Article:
Hyundai i20 scores 3 star Global NCAP safety rating

Hyundai i20 GNCAP crash test

The Hyundai i20 hatchback is one of the three cars that were crash tested in the latest round by the Global NCAP, with the other two being the Hyundai Creta and the Toyota Urban Cruiser. Both Hyundai models have scored an average 3-star safety rating for both, adult and child occupancy. We break down the Hyundai i20’s GNCAP safety scores.

As is the norm at GNCAP crash tests, the model tested was the entry-level variant, which means it comes equipped with two airbags, ABS and front seatbelt warning as standard.

  • Hyundai i20 secures 3 stars in child and adult occupancy
  • Bodyshell rated unstable in crash at 64kph
  • Hyundai Creta, Toyota Urban Cruiser tested as well  

Hyundai i20: 3 star safety rating at GNCAP

The third-gen Hyundai i20 was introduced in India in November 2020. Sitting in the premium hatchback segment, the i20 rivals the likes of the Tata Altroz, Honda Jazz, Maruti Suzuki Baleno and the Toyota Glanza.

The i20 has scored 8.84 points (out of 17) in adult occupancy, thus securing a 3-star rating. The report rated the bodyshell and footwell area as unstable and not capable of withstanding further loads. The i20 also lost out points due to weak protection to the driver’s chest and marginal protection to driver’s and passenger’s knees. However, head and neck protection for both front occupants ranged between adequate to good.

In terms of child occupancy, the i20 secured 36.89 points (out of 49). The i20 gets ISOFIX anchorages as standard and the child restraint system (CRS) too was well placed and marked. The report notes that while it prevented excessive forward movement, it lost out points due to poor protection to the child’s neck region. Furthermore, it only gets a lap belt for the rear middle seat.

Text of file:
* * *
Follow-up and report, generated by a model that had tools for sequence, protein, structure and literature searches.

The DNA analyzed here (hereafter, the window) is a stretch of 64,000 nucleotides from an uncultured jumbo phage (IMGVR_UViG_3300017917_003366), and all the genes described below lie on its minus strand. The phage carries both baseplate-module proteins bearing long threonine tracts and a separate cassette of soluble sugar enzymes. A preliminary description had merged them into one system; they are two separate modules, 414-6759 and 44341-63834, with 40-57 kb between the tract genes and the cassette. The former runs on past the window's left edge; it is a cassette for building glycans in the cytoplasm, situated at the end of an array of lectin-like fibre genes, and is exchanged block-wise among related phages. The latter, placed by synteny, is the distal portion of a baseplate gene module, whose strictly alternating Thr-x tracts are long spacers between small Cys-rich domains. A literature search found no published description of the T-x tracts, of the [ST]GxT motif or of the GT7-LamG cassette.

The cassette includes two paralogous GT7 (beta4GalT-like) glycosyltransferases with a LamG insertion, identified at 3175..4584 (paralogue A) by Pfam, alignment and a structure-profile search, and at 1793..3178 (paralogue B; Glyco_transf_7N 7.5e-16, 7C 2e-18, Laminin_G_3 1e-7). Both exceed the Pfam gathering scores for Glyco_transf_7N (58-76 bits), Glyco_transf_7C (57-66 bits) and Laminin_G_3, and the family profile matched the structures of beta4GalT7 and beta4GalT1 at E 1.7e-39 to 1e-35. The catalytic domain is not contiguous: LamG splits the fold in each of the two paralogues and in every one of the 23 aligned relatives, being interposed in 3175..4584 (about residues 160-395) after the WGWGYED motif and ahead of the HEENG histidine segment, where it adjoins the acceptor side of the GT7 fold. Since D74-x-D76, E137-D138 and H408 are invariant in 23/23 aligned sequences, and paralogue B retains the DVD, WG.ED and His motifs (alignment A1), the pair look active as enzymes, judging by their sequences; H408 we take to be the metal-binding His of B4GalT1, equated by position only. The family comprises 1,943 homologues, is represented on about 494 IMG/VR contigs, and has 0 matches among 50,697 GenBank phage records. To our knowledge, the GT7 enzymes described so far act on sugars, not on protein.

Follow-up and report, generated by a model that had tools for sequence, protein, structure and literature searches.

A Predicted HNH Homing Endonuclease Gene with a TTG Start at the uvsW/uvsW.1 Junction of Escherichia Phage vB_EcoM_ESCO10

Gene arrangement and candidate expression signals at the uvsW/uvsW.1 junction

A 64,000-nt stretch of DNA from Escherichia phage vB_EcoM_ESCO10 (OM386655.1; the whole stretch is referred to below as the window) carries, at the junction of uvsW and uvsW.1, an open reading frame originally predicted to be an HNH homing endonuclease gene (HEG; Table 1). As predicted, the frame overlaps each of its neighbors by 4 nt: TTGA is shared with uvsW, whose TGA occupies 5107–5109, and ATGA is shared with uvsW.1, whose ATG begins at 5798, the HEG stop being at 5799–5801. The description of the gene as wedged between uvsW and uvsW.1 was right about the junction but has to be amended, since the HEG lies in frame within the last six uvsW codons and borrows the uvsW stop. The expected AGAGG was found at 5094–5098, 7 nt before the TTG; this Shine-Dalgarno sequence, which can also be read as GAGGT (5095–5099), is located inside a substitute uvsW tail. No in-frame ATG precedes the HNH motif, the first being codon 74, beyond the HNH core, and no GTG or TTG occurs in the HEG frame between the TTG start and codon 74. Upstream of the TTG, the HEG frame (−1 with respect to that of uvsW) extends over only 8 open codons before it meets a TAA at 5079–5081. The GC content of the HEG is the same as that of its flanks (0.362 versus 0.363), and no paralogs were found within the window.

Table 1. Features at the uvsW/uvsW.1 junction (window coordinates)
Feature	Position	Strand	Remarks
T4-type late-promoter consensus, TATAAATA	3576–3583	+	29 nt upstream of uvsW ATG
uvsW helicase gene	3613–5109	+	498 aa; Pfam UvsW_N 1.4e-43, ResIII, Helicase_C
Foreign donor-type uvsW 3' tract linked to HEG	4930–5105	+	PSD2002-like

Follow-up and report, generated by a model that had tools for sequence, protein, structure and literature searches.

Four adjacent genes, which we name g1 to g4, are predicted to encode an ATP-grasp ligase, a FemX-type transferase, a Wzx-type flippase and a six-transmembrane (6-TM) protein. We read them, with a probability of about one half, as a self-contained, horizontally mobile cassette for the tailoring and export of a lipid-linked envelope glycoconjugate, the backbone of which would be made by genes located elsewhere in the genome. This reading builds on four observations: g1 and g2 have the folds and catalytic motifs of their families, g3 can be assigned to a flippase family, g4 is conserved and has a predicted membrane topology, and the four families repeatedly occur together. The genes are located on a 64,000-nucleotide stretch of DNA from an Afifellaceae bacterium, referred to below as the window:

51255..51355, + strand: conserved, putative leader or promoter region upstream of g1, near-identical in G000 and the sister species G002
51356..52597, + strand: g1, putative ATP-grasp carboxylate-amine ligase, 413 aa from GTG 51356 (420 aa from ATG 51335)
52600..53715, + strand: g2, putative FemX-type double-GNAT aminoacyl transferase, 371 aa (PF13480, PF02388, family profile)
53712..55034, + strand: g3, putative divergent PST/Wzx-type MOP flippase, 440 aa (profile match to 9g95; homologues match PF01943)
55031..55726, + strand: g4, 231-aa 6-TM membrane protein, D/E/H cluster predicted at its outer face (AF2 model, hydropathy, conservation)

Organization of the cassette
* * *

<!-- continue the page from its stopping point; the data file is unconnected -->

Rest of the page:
Hyundai i20: scores compared to previous-gen model

The previous generation of the made-in-India i20 was crash tested by GNCAP in November 2018. And while the last-gen i20 also had a 3-star GNCAP safety rating, it notably had a higher score in adult occupancy. Compared to the 8.84 points scored by the new i20, the previous-gen i20 had a score of 10.15 points in adult occupancy. Child occupancy protection has, however, seen a step up, as the previous-gen i20 was only able to secure a 2-star safety rating, with 18.16 points.

Hyundai i20 GNCAP score compared with rivals

While the i20 has many USPs over its rivals, such as a lengthy equipment list and varied engine and gearbox options, it is certainly lagging behind in terms of safety. In the premium hatchback segment, it is only the Tata Altroz that continues with the bragging rights of a 5-star GNCAP safety rating. Global NCAP also recently crash tested the Honda Jazz (second-gen in India, third globally) and it came away with a strong showing of a 4-star safety rating. This is despite the fact that it is considerably older and has been in the market since 2015.

Even the fifth-gen Volkswagen Polo sold in India, which will soon bow out, has a 4-star safety rating from GNCAP, back when it was tested in 2014. The recently launched Maruti Suzuki Baleno and Toyota Glanza are, however, yet to be tested by GNCAP. 

Other recent GNCAP crash tests

As mentioned before, GNCAP has also crash tested the Hyundai Creta (3-stars) and the Toyota Urban Cruiser, the latter coming out with a more impressive 4-star safety rating. Prior to this, GNCAP crash tested the Honda Jazz and fourth-gen Honda City, both of which secured a 4-star safety rating. You can read more about them here. Recently, the compact SUV duo of the Nissan Magnite and Renault Kiger also came away with a strong showing of 4 stars from GNCAP.

That said, Global NCAP tests are set to get tougher in the coming months. From July 2022, Global NCAP will update its testing process to factor in ESC and also conduct side impact and pedestrian protection tests. The inclusion of ESC is a very welcome move as it brings focus on active safety (prevent an accident) features. 

Are you now likely to consider its rivals over the i20, or would you still prefer an expansive features list? Let us know in the comments below.

Also See:

Breaking down the Global NCAP crash test

Global NCAP likely to conduct crash tests in India

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